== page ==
81. No addition, alteration or amendment shall be made to or in the regulations contained in the Articles of Incorporation for the time being in force, unless the same shall have been previously submitted to and approved by the Minister.

 82. Paragraphs 80 and 81 herein contain conditions on which the Minister grants a License to the Association in pursuance of Section 16 of the Act.

 83. The liability of the members is limited.

 84. Every member of the Association undertakes to contribute to the assets of the Association in the event of the same being wound up during the time that he is a member, or within one year afterwards, for payment of the debts and liabilities of the Association contracted before the time at which he ceases to be a member, and of the costs, charges, and expenses or winding up of the same, and for the adjustment of the rights of the contributories amongst themselves, such amount as may be required not exceeding $2000.00.

85. lf upon winding up or dissolution of the Association there remains after the satisfaction of all its debts and liabilities, any property whatsoever, the same shall not be paid to or distributed among the members of the Association, but shall be given or transferred to some institution or institutions having objects similar to the objects of the Association and which shall prohibit the distribution of its or their income and property among its or their members to an extent at least as great as is imposed on the Association under or by virtue of paragraph 80 hereof, such institution or institutions to be determined by the members of the Association at or before the time of dissolution or in default thereof by such Judge of the Supreme Court as may have jurisdiction in the matter and if and so far as effect camiot be given to the aforesaid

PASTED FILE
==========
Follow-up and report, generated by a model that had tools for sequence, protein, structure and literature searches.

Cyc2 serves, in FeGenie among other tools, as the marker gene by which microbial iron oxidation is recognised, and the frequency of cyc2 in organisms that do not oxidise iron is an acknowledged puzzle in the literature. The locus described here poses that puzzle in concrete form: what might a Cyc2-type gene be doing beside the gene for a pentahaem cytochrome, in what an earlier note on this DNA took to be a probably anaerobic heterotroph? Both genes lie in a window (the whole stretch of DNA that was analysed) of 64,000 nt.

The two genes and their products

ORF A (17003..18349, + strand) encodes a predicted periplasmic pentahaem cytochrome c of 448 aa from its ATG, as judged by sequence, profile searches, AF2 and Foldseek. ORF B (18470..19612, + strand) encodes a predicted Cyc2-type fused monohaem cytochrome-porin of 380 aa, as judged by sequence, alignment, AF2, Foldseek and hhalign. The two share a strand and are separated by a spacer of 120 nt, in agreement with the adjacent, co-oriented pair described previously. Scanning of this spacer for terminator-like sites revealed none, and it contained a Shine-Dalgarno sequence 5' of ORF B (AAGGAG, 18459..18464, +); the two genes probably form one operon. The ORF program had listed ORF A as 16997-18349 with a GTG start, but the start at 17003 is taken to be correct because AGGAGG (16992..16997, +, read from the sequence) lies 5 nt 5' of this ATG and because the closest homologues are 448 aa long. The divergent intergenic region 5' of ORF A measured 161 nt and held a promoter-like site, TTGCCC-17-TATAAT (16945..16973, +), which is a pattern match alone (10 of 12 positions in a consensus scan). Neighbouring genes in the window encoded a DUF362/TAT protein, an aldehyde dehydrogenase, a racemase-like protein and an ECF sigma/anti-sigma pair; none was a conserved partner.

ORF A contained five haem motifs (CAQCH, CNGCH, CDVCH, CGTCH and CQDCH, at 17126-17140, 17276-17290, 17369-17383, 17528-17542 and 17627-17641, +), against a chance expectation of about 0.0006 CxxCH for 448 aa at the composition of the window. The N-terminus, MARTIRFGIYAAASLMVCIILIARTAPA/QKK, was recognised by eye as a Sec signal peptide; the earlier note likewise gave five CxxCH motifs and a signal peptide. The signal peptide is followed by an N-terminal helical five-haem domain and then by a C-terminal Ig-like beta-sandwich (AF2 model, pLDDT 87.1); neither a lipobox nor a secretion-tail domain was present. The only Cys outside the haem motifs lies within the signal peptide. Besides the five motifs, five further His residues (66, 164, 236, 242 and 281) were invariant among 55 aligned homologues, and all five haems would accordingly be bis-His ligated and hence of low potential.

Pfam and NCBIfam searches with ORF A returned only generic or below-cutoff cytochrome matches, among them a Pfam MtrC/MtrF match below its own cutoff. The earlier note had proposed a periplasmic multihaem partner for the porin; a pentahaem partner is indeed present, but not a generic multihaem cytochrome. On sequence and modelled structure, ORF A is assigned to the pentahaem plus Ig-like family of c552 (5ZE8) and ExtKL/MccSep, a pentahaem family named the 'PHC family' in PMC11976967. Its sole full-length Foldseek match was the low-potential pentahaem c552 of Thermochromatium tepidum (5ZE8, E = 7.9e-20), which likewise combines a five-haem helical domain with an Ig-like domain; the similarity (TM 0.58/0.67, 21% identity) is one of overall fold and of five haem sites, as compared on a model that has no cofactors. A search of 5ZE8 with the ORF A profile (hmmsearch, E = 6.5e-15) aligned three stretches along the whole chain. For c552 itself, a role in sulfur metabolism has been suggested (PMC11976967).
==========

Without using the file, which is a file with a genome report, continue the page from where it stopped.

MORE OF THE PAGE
provision then to some charitable.

 86. True accounts shall be kept of the sums of money received and expended by the Association, and the matters in respect of which such receipts and expenditure takes place, and of the property, credits and liabilities of the Association, and subject to any reasonable restrictions as to the time and manner of inspecting the same that may be imposed in accordance with the regulations of the Association for the time being shall be open to inspection of members. Once at least in every year the accounts of the Association shall be examined and the correctness of the balance sheet ascertained by one or more qualified auditor or auditors.

JHFL Certificate of Incorporation

8 Apr

The official certificate of incorporation is attached.

certificate of incorporation1

Clarks Town, Trelawny

22 Mar